Black's How-To Book Is Directed to the Increasing Numbers of Students
Nationwide Who Are Applying for Assistance
by Jacqueline Frost
Need to quickly calculate your student loan payment? Refer to Rich Black's rule number 9. Considering a part-time graduate study option? Try Rich Black's rule number 48.
These tips and more are spelled out by Black, director of financial aid, in his new book "The Complete Family Guide to College Financial Aid." The 149-page book outlines common-sense strategies for single parents, disabled students and veterans as well as high school seniors to get the most out of student financial aid.
Black's book comes out at a time when student debt is soaring and Congress is considering several changes that could have a major impact on student loans and the universities that administer them.
In his book, Black tells readers how, when and where to apply for all kinds of student financial aid. "It's a short, simple book that covers everything. It's comprehensive and easy to read," said Black.
He said a chapter devoted to the needs of student parents sets it apart from similar books. "That is a group that is often overlooked," said Black.
To write the book, Black said he drew on his 30 years experience in the financial aid business and from his personal perspective as a parent. The book is available at the ASUC bookstore.
He is the father a Phi Beta Kappa graduate of a private college, a Berkeley graduate who is at UC Davis medical school, a freshman engineering student at UC San Diego, and a tenth-grader who excels in athletics and music.
His message: More often than not, higher education is a good investment.
Yet he urges students to compare the cost of higher education to the extra income they will earn with a college degree. If the cost exceeds the benefits, don't do it, he cautions. "Accumulating payments that are more than you can afford to repay will lead to a poor credit rating, which will degrade rather than increase the quality of your life," Black writes.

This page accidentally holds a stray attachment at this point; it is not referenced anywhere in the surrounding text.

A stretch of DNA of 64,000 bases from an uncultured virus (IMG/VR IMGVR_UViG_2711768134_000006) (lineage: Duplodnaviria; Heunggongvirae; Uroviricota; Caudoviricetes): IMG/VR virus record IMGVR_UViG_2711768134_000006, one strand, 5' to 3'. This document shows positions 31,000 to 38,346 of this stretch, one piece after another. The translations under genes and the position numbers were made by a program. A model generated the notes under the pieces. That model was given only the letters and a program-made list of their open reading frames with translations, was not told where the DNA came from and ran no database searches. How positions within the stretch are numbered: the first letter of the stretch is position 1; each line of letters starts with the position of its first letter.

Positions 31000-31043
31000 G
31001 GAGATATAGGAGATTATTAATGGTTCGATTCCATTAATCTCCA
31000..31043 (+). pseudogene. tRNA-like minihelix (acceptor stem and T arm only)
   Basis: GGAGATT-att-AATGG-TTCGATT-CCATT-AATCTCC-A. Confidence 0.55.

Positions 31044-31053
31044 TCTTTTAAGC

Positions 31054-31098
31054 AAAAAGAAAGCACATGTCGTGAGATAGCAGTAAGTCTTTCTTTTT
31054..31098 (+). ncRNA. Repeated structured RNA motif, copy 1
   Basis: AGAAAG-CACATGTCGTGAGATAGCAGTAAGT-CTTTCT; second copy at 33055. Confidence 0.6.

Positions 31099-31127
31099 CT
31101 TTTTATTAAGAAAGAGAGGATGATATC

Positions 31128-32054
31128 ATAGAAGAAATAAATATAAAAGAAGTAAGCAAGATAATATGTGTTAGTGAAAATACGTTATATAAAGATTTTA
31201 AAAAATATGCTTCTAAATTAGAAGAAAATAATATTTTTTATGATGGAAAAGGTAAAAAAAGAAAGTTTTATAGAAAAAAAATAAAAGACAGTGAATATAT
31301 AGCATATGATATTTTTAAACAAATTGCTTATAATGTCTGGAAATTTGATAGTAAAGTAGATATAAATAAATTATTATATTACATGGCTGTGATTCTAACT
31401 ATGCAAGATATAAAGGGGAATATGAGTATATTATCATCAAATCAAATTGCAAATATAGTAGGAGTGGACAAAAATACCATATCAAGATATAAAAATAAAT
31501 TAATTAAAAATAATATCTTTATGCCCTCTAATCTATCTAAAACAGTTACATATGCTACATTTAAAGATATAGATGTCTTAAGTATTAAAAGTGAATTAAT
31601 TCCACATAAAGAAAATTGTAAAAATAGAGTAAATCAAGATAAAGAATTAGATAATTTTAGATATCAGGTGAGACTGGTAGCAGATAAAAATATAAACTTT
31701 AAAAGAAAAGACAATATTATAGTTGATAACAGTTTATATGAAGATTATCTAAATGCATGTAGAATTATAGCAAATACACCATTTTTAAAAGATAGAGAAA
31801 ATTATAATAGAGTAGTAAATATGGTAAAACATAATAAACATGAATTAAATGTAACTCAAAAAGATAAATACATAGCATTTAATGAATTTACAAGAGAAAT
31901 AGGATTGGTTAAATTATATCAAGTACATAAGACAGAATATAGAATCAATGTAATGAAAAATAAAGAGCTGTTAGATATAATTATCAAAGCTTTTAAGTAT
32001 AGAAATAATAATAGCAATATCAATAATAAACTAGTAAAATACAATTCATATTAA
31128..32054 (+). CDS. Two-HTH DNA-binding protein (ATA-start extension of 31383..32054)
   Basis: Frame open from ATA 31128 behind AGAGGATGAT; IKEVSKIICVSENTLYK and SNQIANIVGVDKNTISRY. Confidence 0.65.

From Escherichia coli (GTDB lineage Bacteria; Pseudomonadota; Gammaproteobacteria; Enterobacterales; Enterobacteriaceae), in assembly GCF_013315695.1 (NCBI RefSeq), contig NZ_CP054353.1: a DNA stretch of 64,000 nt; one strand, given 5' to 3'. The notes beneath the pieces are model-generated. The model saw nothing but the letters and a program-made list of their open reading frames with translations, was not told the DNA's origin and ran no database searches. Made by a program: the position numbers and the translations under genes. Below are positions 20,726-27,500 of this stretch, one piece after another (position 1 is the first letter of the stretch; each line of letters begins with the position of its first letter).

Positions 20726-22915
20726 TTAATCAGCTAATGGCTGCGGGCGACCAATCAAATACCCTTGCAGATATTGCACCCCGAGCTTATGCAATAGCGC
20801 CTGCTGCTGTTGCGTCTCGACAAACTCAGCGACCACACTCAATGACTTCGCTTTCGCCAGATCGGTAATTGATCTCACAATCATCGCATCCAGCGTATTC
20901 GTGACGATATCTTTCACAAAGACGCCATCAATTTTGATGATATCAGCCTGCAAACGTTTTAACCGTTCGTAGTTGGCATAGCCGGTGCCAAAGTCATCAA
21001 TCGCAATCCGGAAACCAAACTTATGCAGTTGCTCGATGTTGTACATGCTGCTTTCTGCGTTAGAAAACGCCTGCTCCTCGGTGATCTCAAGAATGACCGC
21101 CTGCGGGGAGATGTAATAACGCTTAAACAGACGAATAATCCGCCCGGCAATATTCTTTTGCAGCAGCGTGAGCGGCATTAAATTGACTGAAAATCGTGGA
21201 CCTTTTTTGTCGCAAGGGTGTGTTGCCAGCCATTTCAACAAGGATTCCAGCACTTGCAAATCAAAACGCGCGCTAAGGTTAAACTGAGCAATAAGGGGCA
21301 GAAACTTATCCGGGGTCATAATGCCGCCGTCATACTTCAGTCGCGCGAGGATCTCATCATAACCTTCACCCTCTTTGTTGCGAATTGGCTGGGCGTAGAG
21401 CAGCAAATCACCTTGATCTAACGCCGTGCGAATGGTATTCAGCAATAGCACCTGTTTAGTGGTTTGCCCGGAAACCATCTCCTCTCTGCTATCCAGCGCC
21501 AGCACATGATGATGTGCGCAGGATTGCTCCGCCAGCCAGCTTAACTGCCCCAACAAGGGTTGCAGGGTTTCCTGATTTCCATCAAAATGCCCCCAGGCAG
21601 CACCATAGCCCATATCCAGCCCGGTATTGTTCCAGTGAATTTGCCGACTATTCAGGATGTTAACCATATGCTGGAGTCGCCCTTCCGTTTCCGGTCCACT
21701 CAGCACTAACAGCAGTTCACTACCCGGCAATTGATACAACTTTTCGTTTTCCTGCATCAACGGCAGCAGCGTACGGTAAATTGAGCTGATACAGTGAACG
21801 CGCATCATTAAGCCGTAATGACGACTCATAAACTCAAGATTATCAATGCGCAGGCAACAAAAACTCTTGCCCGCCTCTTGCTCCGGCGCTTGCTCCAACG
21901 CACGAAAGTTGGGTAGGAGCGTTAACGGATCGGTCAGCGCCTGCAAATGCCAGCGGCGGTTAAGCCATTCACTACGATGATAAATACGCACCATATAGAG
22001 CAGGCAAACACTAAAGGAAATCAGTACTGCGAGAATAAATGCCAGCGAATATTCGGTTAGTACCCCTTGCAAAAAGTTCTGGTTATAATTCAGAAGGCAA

Students across the nation are borrowing in record numbers to pay for a college education. According to a recent report, "College Debt and the American Family," by the Boston-based Education Resources Institute in cooperation with the Institute for Higher Education Policy in Washington, D.C., students borrowed 21 percent more from 1992 to 1993.
The report found the college debt is increasing the fastest for students at public four-year colleges and universities.
From 1990 to 1993, the average debt for undergraduates at public four-year institutions increased by a total of 13 percent, while the average debt for students attending private four-year institutions grew by only 2 percent. The report said students are using loans to finance the increasing cost of public institutions.
The study also found 68 percent of families consider student loans a necessary but major financial hardship. Many worried that they will have to postpone or forgo major spending because of the costs of college.
Black said a number of proposals currently under consideration by Congress could also have a big impact on thousands of Berkeley students.
Congress may ask legal residents to seek financial assistance from their sponsors before applying for federal financial aid. Black estimated that such a measure potentially could effect 3,500 Berkeley students and cost the university millions in lost federal aid.
Other measures under consideration in Washington include an .85 percent tax charged to schools for every student loan. Black estimated that it could cost Berkeley, which administers about $100 million in student loans, as much as $850,000. Among other proposals:
* An increase of 1 percent in the interest rate of loans obtained by parents of students attending college.
* The cancellation of the interest-free six-month grace period now enjoyed by students after graduation.
* The elimination of the Direct Loan program. Under the plan, banks and not schools issue student loans. Black criticized the proposal because the Direct Loan program has all but eliminated lines in the financial aid office.
Despite the increased financial pressure, there are bright spots. More Berkeley students are graduating, taking less time to graduate and are defaulting on the loans at a low rate, Black said.